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This game is not only fun to play, but also escapes the usual pitfalls that other more sophisticated games fail to avoid. There are no pretensions here to be what it is not. There are no stupid red herrings or torturous timed devices to make it seem longer that it is. There is no pixel hunting and wonder of wonders the cursor gets you where it points. After playing a game where the cursor behaved as if it was playing a game of its own, this is a refreshing experience.
Harvest turned out to be a nice diversion from some of the more dialogue- or action-intensive games that I play. The story was well-written, to the point that I desperately needed to find out what made Vance tick and do the things that he did. Neither the fact that I'm logic-challenged nor the niggly issues I had with a couple of puzzles detracted from my overall enjoyment of the game. If you're a first-person puzzle lover, then Harvest will definitely rock your world. (Get it? Rock your world? Getting water from a rock? I know you're out there, I can hear you breathing!)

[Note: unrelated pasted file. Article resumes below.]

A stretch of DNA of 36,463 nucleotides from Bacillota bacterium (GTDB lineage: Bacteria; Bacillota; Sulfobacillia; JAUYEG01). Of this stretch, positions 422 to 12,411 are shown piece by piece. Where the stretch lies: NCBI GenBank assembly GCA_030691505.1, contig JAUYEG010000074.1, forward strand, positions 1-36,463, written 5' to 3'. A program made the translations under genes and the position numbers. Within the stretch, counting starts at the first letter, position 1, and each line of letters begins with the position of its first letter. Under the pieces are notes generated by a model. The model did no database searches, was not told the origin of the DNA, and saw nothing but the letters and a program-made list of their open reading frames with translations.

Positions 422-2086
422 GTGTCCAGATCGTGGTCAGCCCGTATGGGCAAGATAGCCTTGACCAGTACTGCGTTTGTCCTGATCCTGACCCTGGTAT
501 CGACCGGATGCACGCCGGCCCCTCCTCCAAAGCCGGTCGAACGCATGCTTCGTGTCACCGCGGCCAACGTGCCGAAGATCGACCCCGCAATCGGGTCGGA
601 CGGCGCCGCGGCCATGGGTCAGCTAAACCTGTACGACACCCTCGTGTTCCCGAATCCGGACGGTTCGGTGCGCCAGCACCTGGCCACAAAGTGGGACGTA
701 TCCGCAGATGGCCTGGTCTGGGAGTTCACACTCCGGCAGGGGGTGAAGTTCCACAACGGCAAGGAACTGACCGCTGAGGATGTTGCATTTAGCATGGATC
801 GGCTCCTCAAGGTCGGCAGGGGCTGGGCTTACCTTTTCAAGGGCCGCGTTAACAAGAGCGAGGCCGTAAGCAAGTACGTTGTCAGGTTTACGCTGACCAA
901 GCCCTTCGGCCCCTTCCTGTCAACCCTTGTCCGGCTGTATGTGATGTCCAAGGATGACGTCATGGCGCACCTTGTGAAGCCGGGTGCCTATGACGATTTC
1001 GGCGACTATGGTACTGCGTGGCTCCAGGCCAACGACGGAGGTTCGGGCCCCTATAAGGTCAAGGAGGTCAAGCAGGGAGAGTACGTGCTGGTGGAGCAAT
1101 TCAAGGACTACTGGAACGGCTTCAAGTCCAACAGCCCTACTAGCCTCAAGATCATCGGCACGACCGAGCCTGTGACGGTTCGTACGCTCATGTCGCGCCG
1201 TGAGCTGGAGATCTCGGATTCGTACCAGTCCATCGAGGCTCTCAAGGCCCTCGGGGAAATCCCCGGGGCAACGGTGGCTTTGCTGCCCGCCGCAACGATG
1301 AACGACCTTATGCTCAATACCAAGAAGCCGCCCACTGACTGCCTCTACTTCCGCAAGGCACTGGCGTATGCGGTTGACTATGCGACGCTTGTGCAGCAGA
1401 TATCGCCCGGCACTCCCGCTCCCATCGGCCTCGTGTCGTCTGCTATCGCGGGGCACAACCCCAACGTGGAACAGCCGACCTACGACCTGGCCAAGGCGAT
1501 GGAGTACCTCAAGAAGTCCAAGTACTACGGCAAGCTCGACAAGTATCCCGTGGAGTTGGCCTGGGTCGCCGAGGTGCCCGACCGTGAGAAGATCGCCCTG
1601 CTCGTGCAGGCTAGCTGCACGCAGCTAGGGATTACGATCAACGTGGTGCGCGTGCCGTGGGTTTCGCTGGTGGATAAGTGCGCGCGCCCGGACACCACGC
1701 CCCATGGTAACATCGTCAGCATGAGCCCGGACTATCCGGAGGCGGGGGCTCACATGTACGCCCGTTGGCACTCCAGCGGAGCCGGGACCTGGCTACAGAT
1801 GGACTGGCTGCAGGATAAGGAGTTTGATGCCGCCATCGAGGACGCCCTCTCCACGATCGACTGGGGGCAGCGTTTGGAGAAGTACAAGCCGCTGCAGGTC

Harvest is Michael B. Clark’s first game and it is highly recommended to those who like a challenge. The game is played from a first-person perspective and is entirely mouse-driven. You can not die during game-play and there is an unlimited amount of saves. While Harvest would never be considered a game to be sold at retail level, I think that if Mr. Clark had a staff and budget, he would be more than capable of producing an ‘A’ quality title.
I really enjoyed playing harvest. I'm not quite through with the game yet and I refuse to use the walkthrough (although believe me it’s tempting). I loved every minute of it and certainly recommend it to anyone who likes a real challenge. If you like a good puzzle and don't mind the somewhat outdated graphics then this is the game for you.
The first work of Michael B. Clark is still far from perfection, especially regarding graphics and atmosphere. But we find here a quite psychologically thought out story with solid puzzles and simple handling. Since I, as said in earlier reviews, am no friend of labyrinths and used a walkthrough for that, I can only estimate the total play time with approx. 16 to 18 hours. "Harvest" is recommendable for 1st-person-fans, who don't attach much importance to graphics quality but particularly want to concentrate on tricky puzzles.